#28929
    cwcdesign
    Participant

    I made a batch of the No Knead Cheese Burger Buns from KAF. Will brought out the bread machine for me so all I had to do was dump the ingredients in – I just put the bucket on my scale and hit tare after each ingredient. After the dough cycle was done, I made the balls – a good hand exercise. We’ll have burgers tomorrow.

    I subbed in a cup of sprouted wheat bread for some of the AP, used 2 teaspoons yeast instead of 2½ – I would have used less but for the sprouted wheat and used 3/4 teaspoon Penzey’s garlic powder instead of 1 teaspoon onion powder.

    #28930
    Joan Simpson
    Participant

    Thanks for the tip on the slats BakerAunt I’ll check on them.

    #28935
    BakerAunt
    Participant

    On Thursday, I baked my adaptation of Grandma A’s Ranch Hand Bread. (The recipe is posted here at Nebraska Kitchen, along with a recipe for a scaled down single loaf by Zen.) It makes three 8×4 loaves. I will freeze two. My adaptation includes adding ½ cup flax meal and 1/3 cup special dry milk, replacing 3 cups of the water with buttermilk, using 5 cups whole wheat flour and a mixture of bread and King Arthur AP, reducing the salt, replacing the 3 Tbs. of sugar with honey, and using 4 Tbs. olive oil in place of the butter.

    #28939
    RiversideLen
    Participant

    I’m in the process of making a batch of sandwich/burger buns.

    #28942
    BakerAunt
    Participant

    Some years ago, I bought the Emile Henry ceramic Dutch oven from King Arthur. I had never used it, so I decided that it was time and brought it into the house about a month ago. While sorting through some recipes, I came upon a King Arthur one for Dutch Oven Dinner Rolls that uses this pot, so today I tried out both the recipe and the pot. I made some changes, as the recipe calls for ½ cup of butter. In the dough, I replaced the 4 Tbs. with 3 Tbs. olive oil and an additional tablespoon of buttermilk. I replaced ¾ cup of the water with buttermilk. I do not have non-diastatic malt powder, so I used 2 Tbs. Carnation malted milk. (I know, not the same.) I added 2 Tbs. flax meal and 1 Tbs. special dry milk. I deleted the buttermilk powder and used fresh buttermilk. I reduced the salt to 1 tsp. and the yeast to 1 ¾ tsp. I always proof my active yeast, and I did so in ¼ cup of water with ¼ tsp. honey. I let the bread machine do the kneading. The first rise took an hour. I greased the baking crock with Crisco instead of melting 3 Tbs. of butter in the bottom, and I also sprinkled it liberally with farina. I had some concerns, as the dough seemed a bit dry. After shaping the balls and placing them in the pot, I spritzed them with water. The second rise took 45 minutes (in the front room where the wood stove made it warmer). I spritzed again before baking with the lid on for 15 minutes, then removing it and baking another ten minutes. We had a couple of warm ones with dinner: delicious!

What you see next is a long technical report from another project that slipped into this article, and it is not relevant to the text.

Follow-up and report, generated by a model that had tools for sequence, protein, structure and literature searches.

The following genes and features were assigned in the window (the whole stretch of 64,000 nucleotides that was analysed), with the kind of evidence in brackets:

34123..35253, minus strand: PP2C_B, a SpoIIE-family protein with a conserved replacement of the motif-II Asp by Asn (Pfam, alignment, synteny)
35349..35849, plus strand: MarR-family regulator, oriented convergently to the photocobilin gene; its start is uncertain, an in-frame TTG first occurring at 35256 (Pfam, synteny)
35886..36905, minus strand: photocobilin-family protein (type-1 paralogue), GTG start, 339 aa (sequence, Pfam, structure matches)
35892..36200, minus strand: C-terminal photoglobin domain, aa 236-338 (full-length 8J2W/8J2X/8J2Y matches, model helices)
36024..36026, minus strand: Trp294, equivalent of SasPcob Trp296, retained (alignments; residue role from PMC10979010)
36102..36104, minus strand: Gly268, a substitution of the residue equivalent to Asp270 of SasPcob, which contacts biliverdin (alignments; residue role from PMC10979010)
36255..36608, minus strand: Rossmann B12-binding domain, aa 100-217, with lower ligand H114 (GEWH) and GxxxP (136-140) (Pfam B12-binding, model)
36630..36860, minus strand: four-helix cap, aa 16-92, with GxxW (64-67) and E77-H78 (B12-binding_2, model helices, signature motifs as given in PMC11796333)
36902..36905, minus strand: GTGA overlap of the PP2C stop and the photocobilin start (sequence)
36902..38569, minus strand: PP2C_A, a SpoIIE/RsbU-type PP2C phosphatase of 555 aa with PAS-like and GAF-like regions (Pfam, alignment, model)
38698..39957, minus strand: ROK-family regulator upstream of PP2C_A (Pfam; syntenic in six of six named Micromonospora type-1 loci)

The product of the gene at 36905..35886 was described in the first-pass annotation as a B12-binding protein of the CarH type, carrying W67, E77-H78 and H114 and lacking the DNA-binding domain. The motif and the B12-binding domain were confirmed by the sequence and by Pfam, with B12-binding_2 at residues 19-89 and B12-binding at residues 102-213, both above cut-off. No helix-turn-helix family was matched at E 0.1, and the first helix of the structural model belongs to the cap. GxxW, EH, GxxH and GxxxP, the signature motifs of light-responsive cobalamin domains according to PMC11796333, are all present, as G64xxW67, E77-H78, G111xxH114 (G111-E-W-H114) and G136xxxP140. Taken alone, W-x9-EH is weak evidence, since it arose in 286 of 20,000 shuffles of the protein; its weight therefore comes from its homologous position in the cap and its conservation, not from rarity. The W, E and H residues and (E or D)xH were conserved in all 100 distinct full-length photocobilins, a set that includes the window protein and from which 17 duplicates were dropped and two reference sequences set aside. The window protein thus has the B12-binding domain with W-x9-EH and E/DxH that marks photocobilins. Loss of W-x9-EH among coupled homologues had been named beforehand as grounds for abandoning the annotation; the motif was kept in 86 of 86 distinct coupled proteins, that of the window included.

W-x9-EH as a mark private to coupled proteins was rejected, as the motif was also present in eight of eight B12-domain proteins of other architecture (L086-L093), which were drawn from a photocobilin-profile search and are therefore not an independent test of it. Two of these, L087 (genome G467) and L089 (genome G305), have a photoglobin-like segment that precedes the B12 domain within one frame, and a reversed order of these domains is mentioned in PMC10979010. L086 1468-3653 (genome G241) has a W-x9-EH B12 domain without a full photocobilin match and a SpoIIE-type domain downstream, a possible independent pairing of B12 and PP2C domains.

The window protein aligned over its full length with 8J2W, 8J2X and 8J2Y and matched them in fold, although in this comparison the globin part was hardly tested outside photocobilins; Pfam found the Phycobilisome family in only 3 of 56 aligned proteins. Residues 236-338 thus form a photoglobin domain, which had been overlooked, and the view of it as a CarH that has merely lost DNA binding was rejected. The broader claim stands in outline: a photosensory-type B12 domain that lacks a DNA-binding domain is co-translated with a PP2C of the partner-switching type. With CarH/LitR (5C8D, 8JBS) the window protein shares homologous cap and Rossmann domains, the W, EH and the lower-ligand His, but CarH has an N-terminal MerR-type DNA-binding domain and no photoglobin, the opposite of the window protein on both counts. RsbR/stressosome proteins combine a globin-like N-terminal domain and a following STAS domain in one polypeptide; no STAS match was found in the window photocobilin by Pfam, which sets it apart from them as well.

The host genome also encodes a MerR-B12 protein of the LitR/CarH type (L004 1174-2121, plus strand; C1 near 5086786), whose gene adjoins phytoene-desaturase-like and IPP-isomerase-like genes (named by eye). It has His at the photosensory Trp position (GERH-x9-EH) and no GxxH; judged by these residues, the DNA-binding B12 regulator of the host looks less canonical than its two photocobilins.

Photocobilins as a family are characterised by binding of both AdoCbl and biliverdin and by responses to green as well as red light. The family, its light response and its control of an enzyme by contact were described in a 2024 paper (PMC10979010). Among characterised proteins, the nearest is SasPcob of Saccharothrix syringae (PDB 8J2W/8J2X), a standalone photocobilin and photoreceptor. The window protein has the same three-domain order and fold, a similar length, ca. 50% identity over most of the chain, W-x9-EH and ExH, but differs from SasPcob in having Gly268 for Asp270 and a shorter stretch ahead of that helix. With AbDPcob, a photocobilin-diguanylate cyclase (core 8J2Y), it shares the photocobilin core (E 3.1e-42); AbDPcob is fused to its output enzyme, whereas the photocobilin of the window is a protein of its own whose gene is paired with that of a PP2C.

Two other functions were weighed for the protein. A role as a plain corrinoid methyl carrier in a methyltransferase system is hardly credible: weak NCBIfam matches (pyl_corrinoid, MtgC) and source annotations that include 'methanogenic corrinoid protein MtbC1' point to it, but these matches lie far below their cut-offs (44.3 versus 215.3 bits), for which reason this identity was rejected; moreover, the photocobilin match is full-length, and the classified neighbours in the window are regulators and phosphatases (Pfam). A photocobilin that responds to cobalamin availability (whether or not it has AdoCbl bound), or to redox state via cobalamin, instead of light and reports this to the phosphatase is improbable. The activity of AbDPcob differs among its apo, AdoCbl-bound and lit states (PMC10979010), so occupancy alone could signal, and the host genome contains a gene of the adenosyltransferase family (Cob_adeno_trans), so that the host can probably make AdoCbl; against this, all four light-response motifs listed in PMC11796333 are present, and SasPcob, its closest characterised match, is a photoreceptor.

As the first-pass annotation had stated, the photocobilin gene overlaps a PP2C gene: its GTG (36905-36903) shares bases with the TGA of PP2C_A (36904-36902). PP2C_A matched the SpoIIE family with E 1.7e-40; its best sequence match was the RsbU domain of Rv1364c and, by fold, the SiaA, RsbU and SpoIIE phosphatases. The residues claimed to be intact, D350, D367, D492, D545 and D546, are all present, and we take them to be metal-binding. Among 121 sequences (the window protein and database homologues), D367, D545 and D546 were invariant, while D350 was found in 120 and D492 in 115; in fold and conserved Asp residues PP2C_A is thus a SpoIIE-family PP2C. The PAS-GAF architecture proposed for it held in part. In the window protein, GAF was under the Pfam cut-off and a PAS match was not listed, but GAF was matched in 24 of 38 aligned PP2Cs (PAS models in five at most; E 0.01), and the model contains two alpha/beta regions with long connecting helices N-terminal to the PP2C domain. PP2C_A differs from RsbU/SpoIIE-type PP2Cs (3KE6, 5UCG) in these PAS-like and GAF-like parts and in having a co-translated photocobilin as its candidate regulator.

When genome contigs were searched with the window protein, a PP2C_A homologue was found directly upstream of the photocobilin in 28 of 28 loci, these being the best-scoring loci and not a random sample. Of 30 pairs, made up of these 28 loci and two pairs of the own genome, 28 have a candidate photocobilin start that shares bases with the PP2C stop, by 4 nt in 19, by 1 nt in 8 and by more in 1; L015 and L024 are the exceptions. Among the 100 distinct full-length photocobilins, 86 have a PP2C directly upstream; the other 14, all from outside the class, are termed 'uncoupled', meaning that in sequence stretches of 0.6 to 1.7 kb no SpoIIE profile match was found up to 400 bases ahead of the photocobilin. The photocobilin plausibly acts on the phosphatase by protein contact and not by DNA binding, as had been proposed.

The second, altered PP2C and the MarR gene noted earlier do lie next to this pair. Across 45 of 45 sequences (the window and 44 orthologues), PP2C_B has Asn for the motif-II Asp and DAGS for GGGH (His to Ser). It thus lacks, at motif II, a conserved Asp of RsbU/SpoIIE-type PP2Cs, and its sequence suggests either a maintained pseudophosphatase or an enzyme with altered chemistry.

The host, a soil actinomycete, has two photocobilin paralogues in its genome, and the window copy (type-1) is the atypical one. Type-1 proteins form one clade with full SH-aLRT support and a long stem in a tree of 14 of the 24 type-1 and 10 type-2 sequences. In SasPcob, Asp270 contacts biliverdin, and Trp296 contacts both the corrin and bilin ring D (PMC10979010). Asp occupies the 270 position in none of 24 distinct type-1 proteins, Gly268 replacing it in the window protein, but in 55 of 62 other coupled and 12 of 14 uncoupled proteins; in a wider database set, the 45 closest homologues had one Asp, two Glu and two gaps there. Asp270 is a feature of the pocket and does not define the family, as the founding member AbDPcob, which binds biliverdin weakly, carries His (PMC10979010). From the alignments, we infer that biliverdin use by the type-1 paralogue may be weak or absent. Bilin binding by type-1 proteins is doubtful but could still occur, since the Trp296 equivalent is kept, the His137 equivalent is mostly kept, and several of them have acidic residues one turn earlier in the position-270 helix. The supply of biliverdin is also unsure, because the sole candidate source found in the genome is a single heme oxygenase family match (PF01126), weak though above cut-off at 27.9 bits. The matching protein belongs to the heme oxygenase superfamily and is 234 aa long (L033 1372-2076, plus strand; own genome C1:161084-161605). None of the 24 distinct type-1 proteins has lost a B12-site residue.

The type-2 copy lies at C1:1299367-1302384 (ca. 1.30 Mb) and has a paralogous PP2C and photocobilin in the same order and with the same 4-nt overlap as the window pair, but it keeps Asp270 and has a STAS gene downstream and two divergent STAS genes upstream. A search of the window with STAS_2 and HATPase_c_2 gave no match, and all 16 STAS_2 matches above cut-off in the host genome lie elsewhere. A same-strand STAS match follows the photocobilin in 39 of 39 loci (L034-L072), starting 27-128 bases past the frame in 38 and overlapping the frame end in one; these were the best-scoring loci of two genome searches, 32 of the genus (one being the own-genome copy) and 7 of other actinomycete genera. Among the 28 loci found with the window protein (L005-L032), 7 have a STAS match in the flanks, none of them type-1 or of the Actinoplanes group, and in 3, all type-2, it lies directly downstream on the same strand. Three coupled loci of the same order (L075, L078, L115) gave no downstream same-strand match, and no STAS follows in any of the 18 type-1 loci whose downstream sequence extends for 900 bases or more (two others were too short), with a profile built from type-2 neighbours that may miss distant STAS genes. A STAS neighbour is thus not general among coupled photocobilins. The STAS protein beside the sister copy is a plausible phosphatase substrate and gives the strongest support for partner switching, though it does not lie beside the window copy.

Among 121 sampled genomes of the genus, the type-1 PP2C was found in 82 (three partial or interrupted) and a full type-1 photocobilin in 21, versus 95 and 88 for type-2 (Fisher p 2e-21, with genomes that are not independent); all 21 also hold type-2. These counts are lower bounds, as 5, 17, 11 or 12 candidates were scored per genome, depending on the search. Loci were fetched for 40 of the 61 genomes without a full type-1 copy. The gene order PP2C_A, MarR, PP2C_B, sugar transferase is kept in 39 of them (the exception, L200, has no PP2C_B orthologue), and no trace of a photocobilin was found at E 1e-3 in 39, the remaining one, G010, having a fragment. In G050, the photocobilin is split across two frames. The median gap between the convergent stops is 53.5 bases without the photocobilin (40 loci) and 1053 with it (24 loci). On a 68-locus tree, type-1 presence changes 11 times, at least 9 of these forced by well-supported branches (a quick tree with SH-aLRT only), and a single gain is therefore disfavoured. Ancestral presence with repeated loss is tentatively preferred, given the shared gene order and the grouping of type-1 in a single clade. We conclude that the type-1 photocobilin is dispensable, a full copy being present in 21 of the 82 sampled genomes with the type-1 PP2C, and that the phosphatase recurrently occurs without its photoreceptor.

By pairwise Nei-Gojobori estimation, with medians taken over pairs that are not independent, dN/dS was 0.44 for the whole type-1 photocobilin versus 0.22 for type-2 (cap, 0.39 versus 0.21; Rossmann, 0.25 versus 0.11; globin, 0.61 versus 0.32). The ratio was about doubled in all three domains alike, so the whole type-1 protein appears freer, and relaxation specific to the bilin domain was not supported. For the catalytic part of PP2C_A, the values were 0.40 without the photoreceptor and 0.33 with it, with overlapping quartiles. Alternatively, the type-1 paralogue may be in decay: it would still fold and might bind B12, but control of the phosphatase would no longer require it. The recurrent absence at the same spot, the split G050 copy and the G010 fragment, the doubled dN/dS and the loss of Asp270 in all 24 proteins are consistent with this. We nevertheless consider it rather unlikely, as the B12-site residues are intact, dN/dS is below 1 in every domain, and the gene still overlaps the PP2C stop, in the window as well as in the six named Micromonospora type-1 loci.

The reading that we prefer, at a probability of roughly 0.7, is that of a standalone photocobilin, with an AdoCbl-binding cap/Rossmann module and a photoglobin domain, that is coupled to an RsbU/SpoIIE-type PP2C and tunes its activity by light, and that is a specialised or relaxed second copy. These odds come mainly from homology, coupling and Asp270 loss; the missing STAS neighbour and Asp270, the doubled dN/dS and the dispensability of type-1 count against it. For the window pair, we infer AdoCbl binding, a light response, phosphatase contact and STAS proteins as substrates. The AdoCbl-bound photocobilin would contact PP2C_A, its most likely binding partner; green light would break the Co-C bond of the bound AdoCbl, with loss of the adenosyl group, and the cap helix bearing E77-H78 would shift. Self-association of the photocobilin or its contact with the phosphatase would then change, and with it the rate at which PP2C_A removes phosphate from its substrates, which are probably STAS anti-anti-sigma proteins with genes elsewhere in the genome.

#28943
    Joan Simpson
    Participant

    BakerAunt glad your rolls turned out and you got to use your Dutch oven.I have a couple iron ones and love,love them,they’re just heavy.

    #28945
    BakerAunt
    Participant

    Joan–I have a 4-qt. Staub, a 5 1/2 -qt. Le Creuset, a 7 1/4-qt. Le Creuset (all of these are round), and an oval 8-qt Staub. Except for the 4-qt. (a good King Arthur sale), the rest came from Tuesday Morning years ago. I prefer them for all my soups, for cooking beans, and for braising roasts. I can even put them on the wood stove top to cook although now that I have my gas cooktop, I have not done so. I have never tried any of them for bread, although lots of people use them that way, and I replaced the Le Creuset lid knobs with metal ones, in case I ever decide to try it.

    The Emile Henry Dutch oven is supposed to work over a flame as well, but I prefer to keep it for bread. I’m planning on trying some round loaves. Some people have reported sticking issues, but given my other ceramic bakers, greasing with Crisco and coating with farina does the trick for me. I won’t be heating up the baker and dropping in the dough–too much risk/excitement for me. King Arthur reports that letting it rise in the baker and then baking works just as well. I’ll start by following their recipes, then try it with the rustic sourdough.

    #28946
    kimbob
    Participant

    Made a pain de mie and shortbread biscuit for strawberry shortcake later.

    #28948
    Mike Nolan
    Keymaster

    This is pretty similar to the cookie shovel that King Arthur used to sell, I’ve used ours to safely lower boules into a hot cast iron pan. I think this one is even bigger than ours, and it comes in a 12″ size.

    Cookie Shovel